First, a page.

In early modern times, religious affiliation was often communicated through bodily practices. Despite various attempts at definition, these practices remained extremely fluid and lent themselves to individual appropriation and to evasion of church and state control. Because bodily practices prompted much debate, they serve as a useful starting point for examining denominational divisions, allowing scholars to explore the actions of smaller and more radical divergent groups. The focus on bodies and conflicts over bodily practices are the starting point for the contributors to this volume who depart from established national and denominational historiographies to probe the often-ambiguous phenomena occurring at the interstices of confessional boundaries. In this way, the authors examine a variety of religious living conditions, socio-cultural groups, and spiritual networks of early modern Europe and the Americas. The cases gathered here skillfully demonstrate the diverse ways in which regional and local differences affected the interpretation of bodily signs.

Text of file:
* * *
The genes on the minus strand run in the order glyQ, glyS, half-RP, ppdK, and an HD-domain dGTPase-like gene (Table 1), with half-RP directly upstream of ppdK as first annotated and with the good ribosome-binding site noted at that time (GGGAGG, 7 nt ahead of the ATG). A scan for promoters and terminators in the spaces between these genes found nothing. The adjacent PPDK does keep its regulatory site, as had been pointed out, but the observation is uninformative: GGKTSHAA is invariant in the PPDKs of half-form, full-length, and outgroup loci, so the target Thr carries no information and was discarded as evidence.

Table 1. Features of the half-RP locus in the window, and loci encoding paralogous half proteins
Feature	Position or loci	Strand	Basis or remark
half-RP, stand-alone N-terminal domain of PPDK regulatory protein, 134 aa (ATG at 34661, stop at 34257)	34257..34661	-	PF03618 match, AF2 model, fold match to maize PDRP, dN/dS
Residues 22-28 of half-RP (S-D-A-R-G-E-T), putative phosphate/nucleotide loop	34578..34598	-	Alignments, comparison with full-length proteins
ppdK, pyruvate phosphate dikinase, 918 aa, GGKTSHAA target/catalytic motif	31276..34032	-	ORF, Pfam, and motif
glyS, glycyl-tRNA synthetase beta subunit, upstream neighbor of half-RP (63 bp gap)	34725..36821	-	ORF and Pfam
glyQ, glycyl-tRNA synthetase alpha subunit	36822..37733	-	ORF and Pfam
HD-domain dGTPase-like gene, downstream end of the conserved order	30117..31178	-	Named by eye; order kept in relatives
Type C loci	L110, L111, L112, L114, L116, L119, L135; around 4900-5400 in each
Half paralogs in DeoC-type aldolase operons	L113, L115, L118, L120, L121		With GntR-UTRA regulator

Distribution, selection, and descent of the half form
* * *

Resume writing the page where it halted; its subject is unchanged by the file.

This book will appeal to scholars and students of early modern Europe and the Americas, as well as those interested in religious and gender history, and the history of dissent.
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